Tuesday, October 16, 2012


From Comics Buyer’s Guide #1695:

Hot Wheels have been popular toys and collectibles since 1968.  The
cars had a short-lived cartoon series in 1969-1971, which went off
the air when the Federal Communications Commission ruled the show
was nothing more than a half-hour commercial.  DC Comics published
a Hot Wheels title for six issues in 1970, a title most notable for
some outstanding Alex Toth art and early scripts by Len Wein.  The
latter fact becomes amusing when one realizes that Wein also wrote
the earliest issues of Mod Wheels, a Gold Key title than ran from
1971-1976 and for 19 issues.

Mycomicshop.com says the series featured “the adventures of Wheels
Williams, Lump Logan, Li'l Bit Bannon, and 'Scot McCall, a
road-racing group that encounters mystery and adventure in between
races. In the first issue, they were also a rock'n'roll group, the
Modniks. Later issues did not feature the musical group very much.”


Mod Wheels #3 [August 1971] presents two stories: “Danger Road” (13
pages) and “Uneasy Rider” (12 pages).  The first has the characters
being stalked by jewel thieves while the second has them facing a
vicious motorcycle gang come to reclaim a member who quit the gang.
The ex-member is the older brother of one of the Modniks. At that
tale’s end, despite the gang being in jail, the brother decides to
hit the road again.  He says:

“I still haven’t found whatever it is I’m looking for!  If ever I
do, I’ll send you a postcard from Eden!

The final caption:

Rick Bannon turned around and rode quickly away–-never looking back
for fear he’d turn to salt!

Lines like those are where the Wein we know and love shines through
otherwise so-so storytelling.  The Grand Comics Database doesn’t
identify the artists of these tales, but I definitely see Jack Abel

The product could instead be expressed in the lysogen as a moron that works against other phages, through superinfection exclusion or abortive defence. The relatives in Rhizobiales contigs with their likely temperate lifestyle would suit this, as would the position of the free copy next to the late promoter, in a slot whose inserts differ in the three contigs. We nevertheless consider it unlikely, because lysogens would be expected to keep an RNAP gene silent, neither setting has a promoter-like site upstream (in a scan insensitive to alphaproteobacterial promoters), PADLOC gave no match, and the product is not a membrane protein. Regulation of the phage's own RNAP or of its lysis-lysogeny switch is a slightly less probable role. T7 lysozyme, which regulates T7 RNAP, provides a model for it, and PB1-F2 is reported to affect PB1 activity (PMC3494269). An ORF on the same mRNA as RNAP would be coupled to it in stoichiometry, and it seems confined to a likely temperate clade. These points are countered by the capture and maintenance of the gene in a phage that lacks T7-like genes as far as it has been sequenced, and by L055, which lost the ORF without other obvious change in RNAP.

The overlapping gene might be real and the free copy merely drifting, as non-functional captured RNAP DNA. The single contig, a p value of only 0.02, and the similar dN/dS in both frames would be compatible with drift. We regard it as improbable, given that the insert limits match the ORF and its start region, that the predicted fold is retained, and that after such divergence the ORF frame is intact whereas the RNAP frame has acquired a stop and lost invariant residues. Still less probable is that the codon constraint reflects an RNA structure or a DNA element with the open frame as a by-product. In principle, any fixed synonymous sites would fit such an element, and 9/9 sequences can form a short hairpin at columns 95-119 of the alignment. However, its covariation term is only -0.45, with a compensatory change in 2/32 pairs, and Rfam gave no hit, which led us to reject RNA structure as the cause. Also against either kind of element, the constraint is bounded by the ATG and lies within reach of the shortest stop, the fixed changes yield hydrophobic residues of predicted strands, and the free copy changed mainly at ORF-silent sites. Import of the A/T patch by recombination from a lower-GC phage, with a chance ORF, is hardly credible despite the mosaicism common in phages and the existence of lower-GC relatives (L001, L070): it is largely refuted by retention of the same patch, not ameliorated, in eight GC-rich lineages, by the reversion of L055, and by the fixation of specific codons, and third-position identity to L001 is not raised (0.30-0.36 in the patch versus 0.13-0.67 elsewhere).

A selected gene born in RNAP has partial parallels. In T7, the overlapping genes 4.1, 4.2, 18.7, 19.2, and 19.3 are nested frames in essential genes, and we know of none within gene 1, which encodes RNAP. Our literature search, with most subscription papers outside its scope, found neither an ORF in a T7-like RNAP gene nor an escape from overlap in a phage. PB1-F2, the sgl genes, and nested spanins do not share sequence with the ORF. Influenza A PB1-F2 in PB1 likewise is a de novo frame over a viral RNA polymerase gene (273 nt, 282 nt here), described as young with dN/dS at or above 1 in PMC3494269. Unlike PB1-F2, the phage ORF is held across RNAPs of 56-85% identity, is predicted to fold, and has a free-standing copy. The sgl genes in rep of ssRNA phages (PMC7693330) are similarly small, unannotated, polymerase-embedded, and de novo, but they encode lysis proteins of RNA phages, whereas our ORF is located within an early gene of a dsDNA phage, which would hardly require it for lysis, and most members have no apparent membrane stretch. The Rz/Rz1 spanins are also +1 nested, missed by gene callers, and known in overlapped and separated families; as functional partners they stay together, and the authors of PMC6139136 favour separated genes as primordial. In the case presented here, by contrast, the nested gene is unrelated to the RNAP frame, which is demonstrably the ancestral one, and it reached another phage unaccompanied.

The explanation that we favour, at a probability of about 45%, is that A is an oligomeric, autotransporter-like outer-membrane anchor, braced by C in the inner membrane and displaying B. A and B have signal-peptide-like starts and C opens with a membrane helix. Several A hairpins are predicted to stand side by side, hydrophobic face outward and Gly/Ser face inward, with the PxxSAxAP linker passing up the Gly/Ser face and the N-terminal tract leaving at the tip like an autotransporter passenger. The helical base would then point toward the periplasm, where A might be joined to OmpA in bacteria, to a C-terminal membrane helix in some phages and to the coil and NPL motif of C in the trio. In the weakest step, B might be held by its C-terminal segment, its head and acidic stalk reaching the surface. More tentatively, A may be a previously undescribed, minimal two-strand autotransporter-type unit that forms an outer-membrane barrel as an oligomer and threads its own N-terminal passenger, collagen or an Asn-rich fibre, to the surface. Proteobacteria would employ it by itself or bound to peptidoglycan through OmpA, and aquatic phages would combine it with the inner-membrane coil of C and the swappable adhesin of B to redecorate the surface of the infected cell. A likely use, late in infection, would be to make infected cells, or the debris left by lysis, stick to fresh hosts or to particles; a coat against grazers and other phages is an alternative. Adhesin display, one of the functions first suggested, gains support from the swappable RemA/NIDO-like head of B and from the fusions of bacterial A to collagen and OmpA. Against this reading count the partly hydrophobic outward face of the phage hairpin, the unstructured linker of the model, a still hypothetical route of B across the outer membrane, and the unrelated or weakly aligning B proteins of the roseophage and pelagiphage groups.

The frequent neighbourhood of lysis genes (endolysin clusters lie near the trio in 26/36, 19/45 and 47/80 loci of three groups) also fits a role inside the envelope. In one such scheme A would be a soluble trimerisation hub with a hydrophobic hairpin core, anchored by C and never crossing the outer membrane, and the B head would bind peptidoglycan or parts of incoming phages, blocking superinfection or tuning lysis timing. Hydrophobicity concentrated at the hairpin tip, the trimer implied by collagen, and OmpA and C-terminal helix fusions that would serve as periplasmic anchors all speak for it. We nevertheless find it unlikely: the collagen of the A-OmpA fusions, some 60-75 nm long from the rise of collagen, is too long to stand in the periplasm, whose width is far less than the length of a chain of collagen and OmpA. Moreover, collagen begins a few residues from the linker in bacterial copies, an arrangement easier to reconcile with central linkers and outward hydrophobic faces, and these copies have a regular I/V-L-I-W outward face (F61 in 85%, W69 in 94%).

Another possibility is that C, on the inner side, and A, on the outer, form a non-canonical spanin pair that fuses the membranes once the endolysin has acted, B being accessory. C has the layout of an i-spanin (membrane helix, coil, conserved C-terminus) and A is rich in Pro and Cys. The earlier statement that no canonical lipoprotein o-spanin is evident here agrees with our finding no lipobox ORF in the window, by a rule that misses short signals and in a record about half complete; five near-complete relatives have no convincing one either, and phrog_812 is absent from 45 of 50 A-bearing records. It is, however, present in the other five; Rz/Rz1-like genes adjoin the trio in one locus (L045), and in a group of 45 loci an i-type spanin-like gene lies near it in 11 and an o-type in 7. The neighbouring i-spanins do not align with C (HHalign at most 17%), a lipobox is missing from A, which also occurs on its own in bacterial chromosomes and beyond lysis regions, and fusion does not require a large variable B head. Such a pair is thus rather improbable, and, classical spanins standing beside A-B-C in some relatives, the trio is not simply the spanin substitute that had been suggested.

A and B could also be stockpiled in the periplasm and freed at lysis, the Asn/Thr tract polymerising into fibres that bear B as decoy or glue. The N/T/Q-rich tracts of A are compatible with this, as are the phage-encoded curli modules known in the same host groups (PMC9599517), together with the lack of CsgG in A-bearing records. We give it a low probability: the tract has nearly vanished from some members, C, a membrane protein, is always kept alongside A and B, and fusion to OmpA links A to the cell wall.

and Sal Trapani in some panels.

Call them comics oddities, but I get a kick out of titles like Mod
.  You might enjoy them as well.


After the above feature ran in CBG, I received the following note
from reader Sergio Andrade:

In your “Tony's Back Page” segment in the November Comics Buyer's
Guide you wrote about Gold Key Comics series, Mod Wheels. The four
characters in Mod Wheels first appeared in another series one or
two years before called The Modniks.

The Modniks was an Archie type 1960's teen humor book draw in a
more cartoon-ish style than Mod Wheels. There were a few attempts
to establish teen humor books at that time mostly because of the
success of The Monkees television show.

I'm doing this from memory but the only story I recall involved a
"square" friend of the Modniks called “Cube” who dressed in classic
nerd fashion. Flattop haircut, horn rim glasses, plaid jacket,
slacks. The Modniks decided to help Cube get a girlfriend by
updating his look, despite the fact he was totally uncomfortable
with that. The story ended with Cube going back to his original
look and finding a "square" girlfriend of his own.

Thanks for the information, Sergio. A quick check of the Grand
Comics Database shows only two issues of Modniks were published.
There are no credits for the first of those issues, but the second
was drawn by Lloyd White with a non-Modniks story drawn by Jack

I’ll be back tomorrow with more stuff.

© 2012 Tony Isabella

1 comment:

  1. I don't know about the early issues of Mod Wheels, but the later ones were definitely a licensed-toy comic along the same lines as Hot Wheels, built around Kenner's "SSP" and "TTP" lines of race/stunt cars and cycles.

    As I recall, the original Modniks got the SSP gear (Super Sonic Power), and the book added a second team called "The Thrill Set" who drove the TTP (Turbo Tower of Power) rigs.